Levels and enemies are all set in the predictable shoot em up climes (sky, factory, etc) but generally the action is going so fast you don't have any time to notice. The enemies usually fill the screen, and wiping out each wave will mean the next is on the way and will arrive in seconds. Enemy bullets also usually take up most of the screen, but unlike some other games I can think of which seem to be simply unfair, DonPachi always provides a way through. You might not always make it, but there is always one there. My usual experience is dying because I was a handful of pixels away from the safe area. Weaving a path through bulletville is sometimes easier than it looks, and it's incredibly exhilirating when you pull it off. It's pretty obvious after playing for a while that the game is forgiving as far as hit area goes (it's smaller than the ship actually is) but that doesn't mean the game is easy. Far from it...

The bosses of the game are all fairly tricky, but a small point of cheapness comes in when if you have enough bombs saved up you can use the laser / bomb combo to do enormous amounts of damage while destroying the bullets in front of you. Generally, though, you will have run out of bombs first time through the game.

Also notable is that after completing the game's 5 (very tough) levels once, the game gives you a short bit of plot (complete with Engrish - these are the guys who brought us "All your base..." and ".. to the full extent of the jam." after all) and then puts you back into level one to play through the thing again. Problem is, the enemies now fire roughly ten times as many bullets, not to mention go on firing for a second after you kill them. Any complaints you have about it being a little two easy the first time are well and truly quashed.

A final, truly original addition to the standard shooter fare is the combo system. This is genius, to really appeal to the best players around as something to go for to prove their ability. Basically, if you destroy an enemy and then destroy another and another and keep the succession going, the game keeps track of successive hits. In the later levels, where the enemies come thick and fast, absolutely insane combos are possible (even by me) although I'm sure there are people who could improve vastly on my skill. It's worth mentioning that in DoDonPachi, combos became even more mental, with the sheer number of enemies allowing 3 figure scores.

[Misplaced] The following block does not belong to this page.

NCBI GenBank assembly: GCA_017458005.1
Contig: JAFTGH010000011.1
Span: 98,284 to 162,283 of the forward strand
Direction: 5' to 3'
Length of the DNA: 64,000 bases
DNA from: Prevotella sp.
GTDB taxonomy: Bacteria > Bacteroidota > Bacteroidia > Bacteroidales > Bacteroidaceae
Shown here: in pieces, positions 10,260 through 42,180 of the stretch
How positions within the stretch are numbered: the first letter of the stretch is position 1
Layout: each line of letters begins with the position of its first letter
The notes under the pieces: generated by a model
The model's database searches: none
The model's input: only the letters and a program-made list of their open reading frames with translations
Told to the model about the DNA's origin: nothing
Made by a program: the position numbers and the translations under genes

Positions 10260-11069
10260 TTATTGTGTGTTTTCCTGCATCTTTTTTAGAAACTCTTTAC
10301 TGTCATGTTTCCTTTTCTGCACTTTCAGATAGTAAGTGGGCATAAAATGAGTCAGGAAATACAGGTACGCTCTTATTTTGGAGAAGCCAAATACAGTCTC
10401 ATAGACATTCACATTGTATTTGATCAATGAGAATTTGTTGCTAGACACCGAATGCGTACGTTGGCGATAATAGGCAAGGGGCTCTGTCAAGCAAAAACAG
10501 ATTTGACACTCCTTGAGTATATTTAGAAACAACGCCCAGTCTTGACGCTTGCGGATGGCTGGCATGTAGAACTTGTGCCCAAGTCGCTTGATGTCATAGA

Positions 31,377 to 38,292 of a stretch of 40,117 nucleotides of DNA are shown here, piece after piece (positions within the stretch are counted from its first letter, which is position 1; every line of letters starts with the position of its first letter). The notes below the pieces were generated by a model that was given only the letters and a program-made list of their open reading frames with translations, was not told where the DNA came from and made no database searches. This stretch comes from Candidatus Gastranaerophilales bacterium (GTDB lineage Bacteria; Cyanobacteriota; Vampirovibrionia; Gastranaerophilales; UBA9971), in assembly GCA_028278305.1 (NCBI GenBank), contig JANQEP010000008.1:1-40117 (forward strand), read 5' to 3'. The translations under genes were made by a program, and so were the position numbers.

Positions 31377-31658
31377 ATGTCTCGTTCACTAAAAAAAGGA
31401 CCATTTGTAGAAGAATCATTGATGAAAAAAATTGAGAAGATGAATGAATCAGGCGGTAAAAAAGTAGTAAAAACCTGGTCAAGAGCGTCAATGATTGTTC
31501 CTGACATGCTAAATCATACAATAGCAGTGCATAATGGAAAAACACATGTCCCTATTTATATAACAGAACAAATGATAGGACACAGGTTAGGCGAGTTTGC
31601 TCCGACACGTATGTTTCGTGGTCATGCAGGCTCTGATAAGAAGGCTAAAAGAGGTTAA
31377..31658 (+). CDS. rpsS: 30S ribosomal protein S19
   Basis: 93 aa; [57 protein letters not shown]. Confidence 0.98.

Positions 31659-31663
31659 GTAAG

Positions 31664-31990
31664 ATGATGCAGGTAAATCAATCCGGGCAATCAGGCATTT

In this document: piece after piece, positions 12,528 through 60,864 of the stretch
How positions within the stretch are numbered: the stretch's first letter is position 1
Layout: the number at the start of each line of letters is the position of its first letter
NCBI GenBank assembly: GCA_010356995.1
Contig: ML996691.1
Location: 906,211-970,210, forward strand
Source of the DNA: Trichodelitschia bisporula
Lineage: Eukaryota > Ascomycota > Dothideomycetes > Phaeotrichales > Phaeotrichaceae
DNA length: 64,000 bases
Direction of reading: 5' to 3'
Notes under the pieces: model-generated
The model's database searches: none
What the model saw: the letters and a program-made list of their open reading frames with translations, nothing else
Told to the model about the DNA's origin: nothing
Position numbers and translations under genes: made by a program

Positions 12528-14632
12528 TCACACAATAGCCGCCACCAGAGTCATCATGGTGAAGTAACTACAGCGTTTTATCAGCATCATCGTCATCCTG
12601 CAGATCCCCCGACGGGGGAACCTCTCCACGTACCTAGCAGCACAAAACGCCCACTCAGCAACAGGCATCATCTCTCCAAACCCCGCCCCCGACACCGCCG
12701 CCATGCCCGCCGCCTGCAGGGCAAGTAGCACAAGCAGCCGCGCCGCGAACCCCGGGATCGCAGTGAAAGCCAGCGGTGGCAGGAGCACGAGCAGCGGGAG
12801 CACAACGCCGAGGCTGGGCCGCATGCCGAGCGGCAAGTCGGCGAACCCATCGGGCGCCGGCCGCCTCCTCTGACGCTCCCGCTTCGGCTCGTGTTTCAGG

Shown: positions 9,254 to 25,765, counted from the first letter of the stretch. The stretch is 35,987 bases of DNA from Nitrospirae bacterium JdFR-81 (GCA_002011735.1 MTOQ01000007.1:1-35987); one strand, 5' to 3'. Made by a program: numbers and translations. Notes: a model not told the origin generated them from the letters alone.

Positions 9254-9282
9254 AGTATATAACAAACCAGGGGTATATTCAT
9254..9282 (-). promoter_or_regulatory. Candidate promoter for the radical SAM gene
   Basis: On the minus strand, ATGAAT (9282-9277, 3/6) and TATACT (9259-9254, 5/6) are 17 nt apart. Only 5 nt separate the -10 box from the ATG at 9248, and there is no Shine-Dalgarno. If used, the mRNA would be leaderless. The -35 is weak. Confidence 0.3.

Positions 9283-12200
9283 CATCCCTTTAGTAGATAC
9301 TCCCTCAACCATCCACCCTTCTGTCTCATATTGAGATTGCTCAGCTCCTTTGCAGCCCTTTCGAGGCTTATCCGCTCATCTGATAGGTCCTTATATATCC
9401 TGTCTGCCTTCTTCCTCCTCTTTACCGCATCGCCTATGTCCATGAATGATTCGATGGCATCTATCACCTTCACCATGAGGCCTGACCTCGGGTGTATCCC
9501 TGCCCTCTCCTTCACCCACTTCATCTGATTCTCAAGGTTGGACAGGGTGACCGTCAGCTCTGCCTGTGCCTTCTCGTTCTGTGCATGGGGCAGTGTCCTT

As far as graphics and sound go, the game is pretty standard, although pretty good considering it's coming up to be 10 years old. I haven't played the Saturn or PSX ports, although I'd guess they have much the same graphics. Sound is pretty so-so, although the wiseass wingman deserves a mention. At the start of each level, he chips in with "This is it - show us what ya got!" or something similar, and the voice actor is perfectly suited to the purpose. I still crack up when I hear him say "Wingleader to base, wingleader to base". I'm not exactly sure why. Disappointingly, the sequel replaced it with a female computer style voice which had 100% less cockiness and 200% more boringness. As featured in EVERY OTHER GAME EVER. Bah.

The game was a great success, and prompted the sequels DoDonPachi, DoDonPachi II: Bee Storm and DoDonPachi Dai-Ou-Jou (the first of those is emulated, but the later two are not, at the time of writing. They are available on the PS2 though). DonPachi is emulated in MAME and many others, but I find Final Burn Alpha provides the best playing experience, as it's faster. Anyone who enjoys it's sequel, or any similar games such as 19XX or Battle Garegga could do much worse than to download the ROM (pretty small, at 4.5 megabytes) and give it a go.


Playing the ROM in FBA
MAWS - An arcade information system on a par with, using the history.dat and a bunch of decent scripts to link everything.